Reprinted from Buzzfeed by Molly Hensley-Clancy on October 19, 2016.
Harvard University’s food service workers have been on strike since October 5, and there’s no clear end in sight. The university is still pushing back against their union’s demands: a minimum annual salary of $35,000, and no price hikes for workers on the school’s healthcare plan.
As the strike drags on, the university has resorted to staffing open dining halls with managers, temporary employees, and administrative workers, who were asked to volunteer their time serving food and swiping dining cards. A small group of students has even been asked by college administrators to volunteer as striking workers walk on picket lines outside, two students said.
The strike, Harvard’s first in decades, has drawn outsized attention because of the school’s enormous endowment, which is over $35 billion, making it by far the world’s richest university. A viral Tweet last week pointed out that Harvard had just received a $10 million grant to study poverty in the Boston area as its food service employees were on strike for what they called a “living wage.”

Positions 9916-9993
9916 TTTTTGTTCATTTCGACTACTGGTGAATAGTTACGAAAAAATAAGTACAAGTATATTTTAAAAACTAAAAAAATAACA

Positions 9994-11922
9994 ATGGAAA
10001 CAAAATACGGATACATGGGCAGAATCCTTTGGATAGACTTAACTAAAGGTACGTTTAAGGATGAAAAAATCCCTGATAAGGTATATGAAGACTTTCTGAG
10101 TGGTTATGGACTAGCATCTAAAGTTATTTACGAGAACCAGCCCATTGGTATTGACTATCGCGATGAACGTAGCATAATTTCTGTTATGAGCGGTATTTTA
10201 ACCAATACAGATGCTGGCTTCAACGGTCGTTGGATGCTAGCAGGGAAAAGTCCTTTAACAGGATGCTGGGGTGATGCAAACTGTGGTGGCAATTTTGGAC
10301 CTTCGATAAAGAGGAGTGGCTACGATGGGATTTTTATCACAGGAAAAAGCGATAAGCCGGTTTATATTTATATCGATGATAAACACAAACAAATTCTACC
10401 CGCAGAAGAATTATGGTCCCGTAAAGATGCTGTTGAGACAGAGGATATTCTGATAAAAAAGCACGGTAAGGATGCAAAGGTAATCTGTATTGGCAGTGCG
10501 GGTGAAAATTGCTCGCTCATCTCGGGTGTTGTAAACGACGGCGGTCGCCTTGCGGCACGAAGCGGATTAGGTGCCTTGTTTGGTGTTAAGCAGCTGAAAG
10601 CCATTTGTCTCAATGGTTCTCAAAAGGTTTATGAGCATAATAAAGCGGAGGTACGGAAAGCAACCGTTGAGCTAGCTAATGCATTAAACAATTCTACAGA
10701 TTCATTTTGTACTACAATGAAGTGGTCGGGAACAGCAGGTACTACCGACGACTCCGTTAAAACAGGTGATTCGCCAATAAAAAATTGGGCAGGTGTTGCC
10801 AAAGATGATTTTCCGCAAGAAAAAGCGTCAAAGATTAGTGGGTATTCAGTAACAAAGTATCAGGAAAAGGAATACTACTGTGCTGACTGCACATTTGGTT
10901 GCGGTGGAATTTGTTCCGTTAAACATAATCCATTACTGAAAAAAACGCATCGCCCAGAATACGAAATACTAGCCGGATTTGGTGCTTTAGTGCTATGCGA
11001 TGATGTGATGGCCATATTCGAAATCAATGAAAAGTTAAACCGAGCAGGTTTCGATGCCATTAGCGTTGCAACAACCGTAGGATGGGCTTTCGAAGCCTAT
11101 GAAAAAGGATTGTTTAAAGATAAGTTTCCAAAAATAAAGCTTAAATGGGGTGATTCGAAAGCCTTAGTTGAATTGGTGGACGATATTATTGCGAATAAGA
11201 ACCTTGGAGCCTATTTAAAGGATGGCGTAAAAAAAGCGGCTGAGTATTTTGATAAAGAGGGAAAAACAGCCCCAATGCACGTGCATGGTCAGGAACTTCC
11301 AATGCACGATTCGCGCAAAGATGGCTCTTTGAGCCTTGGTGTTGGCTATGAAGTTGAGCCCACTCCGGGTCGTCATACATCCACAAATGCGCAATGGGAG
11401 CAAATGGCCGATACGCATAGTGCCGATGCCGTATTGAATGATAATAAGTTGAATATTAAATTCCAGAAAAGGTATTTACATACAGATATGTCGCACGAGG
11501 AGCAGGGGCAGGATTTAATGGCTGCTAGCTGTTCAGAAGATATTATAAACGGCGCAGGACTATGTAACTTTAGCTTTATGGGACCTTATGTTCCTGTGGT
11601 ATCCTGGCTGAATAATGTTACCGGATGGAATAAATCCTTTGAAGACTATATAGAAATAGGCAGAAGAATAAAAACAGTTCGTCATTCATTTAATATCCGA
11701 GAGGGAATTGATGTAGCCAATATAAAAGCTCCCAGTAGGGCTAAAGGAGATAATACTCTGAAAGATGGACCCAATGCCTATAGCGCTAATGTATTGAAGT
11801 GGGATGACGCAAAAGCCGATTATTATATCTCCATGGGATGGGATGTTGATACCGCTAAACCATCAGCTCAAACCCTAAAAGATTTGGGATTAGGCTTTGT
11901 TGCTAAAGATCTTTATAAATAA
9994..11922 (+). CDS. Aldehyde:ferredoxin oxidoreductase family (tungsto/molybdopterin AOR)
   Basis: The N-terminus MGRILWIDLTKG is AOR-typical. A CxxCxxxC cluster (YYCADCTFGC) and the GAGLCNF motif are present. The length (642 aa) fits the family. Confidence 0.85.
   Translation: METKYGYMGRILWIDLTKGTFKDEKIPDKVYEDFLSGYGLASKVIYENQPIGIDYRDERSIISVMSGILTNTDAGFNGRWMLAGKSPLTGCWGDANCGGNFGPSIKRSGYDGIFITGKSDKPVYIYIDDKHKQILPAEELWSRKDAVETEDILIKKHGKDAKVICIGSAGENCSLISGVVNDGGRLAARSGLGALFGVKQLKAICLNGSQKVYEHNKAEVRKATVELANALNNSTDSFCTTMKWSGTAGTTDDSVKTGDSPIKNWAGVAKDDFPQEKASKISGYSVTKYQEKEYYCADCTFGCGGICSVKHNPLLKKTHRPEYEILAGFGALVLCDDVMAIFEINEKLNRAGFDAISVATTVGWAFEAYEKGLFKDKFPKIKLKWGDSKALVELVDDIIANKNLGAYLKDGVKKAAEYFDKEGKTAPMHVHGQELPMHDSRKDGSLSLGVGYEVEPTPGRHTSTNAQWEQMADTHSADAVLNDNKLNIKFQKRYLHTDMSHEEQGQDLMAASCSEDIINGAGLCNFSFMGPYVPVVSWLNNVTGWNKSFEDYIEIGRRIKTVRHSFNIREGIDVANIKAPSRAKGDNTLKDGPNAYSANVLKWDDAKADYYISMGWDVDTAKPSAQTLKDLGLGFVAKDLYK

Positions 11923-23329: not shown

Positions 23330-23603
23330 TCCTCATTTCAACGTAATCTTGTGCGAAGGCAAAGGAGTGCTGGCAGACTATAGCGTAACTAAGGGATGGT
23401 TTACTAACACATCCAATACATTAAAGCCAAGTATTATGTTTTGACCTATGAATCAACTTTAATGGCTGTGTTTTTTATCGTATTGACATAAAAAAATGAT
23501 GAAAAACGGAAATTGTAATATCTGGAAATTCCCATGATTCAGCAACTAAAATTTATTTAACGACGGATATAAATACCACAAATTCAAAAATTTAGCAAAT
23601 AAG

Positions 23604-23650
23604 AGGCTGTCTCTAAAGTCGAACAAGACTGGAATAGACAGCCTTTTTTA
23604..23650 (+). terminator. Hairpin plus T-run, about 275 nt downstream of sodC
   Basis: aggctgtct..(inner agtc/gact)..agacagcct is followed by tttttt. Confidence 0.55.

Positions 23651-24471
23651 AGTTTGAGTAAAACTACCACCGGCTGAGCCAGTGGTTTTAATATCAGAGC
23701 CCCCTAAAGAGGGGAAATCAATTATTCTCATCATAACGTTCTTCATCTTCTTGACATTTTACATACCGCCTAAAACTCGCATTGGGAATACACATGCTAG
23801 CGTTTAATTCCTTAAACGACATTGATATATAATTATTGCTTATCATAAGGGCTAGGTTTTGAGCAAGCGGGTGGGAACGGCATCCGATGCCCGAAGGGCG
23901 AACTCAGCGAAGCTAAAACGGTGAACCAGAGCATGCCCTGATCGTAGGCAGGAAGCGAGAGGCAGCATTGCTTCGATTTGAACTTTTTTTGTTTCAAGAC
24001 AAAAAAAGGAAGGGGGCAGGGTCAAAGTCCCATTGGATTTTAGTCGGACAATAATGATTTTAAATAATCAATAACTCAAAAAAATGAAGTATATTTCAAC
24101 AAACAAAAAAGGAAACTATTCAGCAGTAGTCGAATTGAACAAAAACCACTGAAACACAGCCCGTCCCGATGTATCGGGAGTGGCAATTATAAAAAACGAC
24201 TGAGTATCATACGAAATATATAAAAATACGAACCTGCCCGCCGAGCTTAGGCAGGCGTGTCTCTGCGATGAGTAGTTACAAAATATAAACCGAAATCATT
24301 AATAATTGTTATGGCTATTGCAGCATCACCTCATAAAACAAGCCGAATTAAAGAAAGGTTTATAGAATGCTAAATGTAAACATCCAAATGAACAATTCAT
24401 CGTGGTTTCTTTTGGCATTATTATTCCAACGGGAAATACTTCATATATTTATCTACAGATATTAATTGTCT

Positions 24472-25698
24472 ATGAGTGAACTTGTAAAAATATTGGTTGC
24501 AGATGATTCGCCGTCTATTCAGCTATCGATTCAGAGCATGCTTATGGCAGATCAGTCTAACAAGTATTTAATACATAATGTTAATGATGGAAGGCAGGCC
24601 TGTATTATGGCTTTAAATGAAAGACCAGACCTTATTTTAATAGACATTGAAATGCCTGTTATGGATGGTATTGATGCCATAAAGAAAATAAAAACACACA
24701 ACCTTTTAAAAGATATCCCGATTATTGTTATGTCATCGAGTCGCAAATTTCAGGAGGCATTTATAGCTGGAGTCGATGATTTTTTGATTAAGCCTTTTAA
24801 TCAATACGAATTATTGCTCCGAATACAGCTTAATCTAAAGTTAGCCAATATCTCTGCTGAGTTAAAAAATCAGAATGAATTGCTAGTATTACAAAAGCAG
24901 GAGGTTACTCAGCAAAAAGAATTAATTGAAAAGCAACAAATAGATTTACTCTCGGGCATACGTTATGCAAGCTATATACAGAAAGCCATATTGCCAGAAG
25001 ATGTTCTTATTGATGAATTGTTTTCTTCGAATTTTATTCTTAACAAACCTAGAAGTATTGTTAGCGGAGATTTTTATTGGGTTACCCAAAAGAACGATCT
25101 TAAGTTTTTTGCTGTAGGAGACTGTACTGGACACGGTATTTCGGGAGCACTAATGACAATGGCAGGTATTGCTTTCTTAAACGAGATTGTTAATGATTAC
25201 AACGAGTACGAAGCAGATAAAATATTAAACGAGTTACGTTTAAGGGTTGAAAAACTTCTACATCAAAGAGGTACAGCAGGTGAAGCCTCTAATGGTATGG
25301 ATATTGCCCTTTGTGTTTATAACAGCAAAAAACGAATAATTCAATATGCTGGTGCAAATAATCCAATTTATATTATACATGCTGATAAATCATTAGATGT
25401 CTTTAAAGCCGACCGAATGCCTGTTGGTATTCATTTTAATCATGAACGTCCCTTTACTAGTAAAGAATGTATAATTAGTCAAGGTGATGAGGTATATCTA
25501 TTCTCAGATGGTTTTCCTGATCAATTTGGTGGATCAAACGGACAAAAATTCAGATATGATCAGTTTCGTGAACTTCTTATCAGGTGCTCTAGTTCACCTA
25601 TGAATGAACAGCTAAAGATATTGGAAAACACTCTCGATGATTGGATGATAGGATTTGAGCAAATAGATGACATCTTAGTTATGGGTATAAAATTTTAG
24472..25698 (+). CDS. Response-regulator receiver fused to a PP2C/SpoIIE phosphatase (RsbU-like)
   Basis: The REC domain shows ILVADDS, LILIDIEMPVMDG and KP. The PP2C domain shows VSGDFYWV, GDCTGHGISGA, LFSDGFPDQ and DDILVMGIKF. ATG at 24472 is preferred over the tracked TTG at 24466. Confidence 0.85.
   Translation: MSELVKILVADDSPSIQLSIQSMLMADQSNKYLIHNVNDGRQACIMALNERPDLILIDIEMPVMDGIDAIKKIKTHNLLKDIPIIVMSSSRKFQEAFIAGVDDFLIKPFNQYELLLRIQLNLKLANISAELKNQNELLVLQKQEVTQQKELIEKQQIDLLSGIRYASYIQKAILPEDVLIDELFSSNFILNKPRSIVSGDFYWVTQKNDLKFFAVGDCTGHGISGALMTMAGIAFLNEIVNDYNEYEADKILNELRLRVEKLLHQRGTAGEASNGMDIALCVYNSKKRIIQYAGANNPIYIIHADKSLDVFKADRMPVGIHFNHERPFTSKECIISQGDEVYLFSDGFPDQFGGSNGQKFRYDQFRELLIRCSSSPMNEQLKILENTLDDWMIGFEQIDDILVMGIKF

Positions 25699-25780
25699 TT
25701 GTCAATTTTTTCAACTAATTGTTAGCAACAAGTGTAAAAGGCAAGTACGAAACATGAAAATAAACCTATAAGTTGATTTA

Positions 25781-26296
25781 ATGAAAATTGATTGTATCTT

Neither Harvard nor the union appears to have budged much in negotiations. Harvard has been emphatic that it is offering dining hall workers a fair deal: a wage that is the highest among food service workers in the Boston area, a Harvard spokeswoman told BuzzFeed News, and a healthcare plan that — while it increases some costs — has been accepted by thousands of other unionized Harvard workers. …